Our Hapū include Marangatūhetaua (also known as Ngāti Tū), Ngāti WhakaariNgāi TauiraNgāti Kurumōkihi (formerly known as Ngāi Tatara), Ngāi Te Ruruku (ki Tangoio) and Ngāi Tahu.  

Our takiwā (traditional area) encompasses Keteketerau (the former outlet of Te Whanganui-ā-Orotu) in the south, to the Waitaha River in the north and from the Maungaharuru Range in the west to the coast and beyond to Tangitū (the sea) in the east.

Our Hapū are tāngata whenua within our takiwā. We have held, and continue to hold, ahi-kā-roa (long occupation) since the original inhabitants first settled the land.  Even in the era of the musket, the invasion by surrounding iwi and the exodus of many Ngāti Kahungunu hapū to Te Māhia, there were Hapū whānau who remained on the land.

Today, our Marae is located at Tangoio.

Some parts of the takiwā towards Te Whanganui-ā-Orotu in the south are shared with a closely related, neighbouring hapū based at Petane. Similarly, in the area bordering the Waikari River and northwards to the Waitaha Stream, the takiwā is shared among the descendants of Te Keu-o-te-rangi (see the kōrero about Ngāi Tahu).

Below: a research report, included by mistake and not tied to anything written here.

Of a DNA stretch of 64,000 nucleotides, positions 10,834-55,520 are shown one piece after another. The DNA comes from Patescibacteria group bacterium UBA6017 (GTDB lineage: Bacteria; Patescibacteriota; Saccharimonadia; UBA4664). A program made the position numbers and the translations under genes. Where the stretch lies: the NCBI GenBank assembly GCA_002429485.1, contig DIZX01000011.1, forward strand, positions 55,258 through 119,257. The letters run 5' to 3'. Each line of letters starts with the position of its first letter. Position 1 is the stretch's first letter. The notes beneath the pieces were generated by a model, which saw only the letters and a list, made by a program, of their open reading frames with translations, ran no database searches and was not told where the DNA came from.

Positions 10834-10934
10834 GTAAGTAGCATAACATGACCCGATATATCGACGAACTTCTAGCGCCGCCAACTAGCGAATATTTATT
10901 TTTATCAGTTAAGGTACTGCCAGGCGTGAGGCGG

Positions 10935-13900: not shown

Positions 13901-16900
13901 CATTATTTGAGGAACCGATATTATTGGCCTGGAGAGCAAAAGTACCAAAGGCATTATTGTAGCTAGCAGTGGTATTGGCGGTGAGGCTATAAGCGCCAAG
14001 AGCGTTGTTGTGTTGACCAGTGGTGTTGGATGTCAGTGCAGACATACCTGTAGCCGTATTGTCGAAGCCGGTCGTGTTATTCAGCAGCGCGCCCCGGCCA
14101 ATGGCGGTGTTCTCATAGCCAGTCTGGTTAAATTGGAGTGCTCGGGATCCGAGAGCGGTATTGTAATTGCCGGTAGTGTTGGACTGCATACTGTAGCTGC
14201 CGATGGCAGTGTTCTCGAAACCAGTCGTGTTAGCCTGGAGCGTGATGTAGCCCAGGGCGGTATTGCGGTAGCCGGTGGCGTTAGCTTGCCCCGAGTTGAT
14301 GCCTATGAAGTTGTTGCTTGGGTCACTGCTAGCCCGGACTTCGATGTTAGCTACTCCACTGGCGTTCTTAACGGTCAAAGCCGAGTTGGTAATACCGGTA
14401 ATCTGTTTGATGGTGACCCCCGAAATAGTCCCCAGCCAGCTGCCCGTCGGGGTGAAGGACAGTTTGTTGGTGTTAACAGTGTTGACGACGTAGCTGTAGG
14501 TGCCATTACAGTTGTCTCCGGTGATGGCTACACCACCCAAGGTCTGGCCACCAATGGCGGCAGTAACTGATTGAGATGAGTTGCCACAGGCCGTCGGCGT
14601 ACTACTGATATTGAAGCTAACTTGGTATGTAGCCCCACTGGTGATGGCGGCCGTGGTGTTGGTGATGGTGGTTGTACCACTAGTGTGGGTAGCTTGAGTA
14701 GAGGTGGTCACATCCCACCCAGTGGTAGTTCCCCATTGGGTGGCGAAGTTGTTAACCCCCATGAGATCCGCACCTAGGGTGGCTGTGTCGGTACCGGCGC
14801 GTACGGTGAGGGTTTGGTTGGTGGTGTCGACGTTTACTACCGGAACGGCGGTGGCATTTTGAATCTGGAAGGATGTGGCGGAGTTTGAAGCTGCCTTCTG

The origins of today’s Hapū came from the following early groups of people within the takiwā –

Ngāti Whatumamoa: the descendants of the explorer chief Mahu Tapoanui. Mahu’s direct descendant Te Orotu established his people permanently at Ahuriri;

Ngāti Awa: the descendants of the explorer Toi Kairakau (also known as Toi Te Huatahi). Toi established his southernmost pā (fortified village) at the head of the Tangoio valley; and 

Ngāi Tahu: the descendants of Te Keu-o-te-rangi originally inhabited the lands bordering the Waikari River.


Follow the links below to find out more about each of our Hapū:

Marangatūhetaua (also known as Ngāti Tū)

Ngāti Whakaari

Ngāi Tauira

Ngāti Kurumōkihi (formerly known as Ngāi Tatara)

Ngāi Te Ruruku (ki Tangoio)

Ngāi Tahu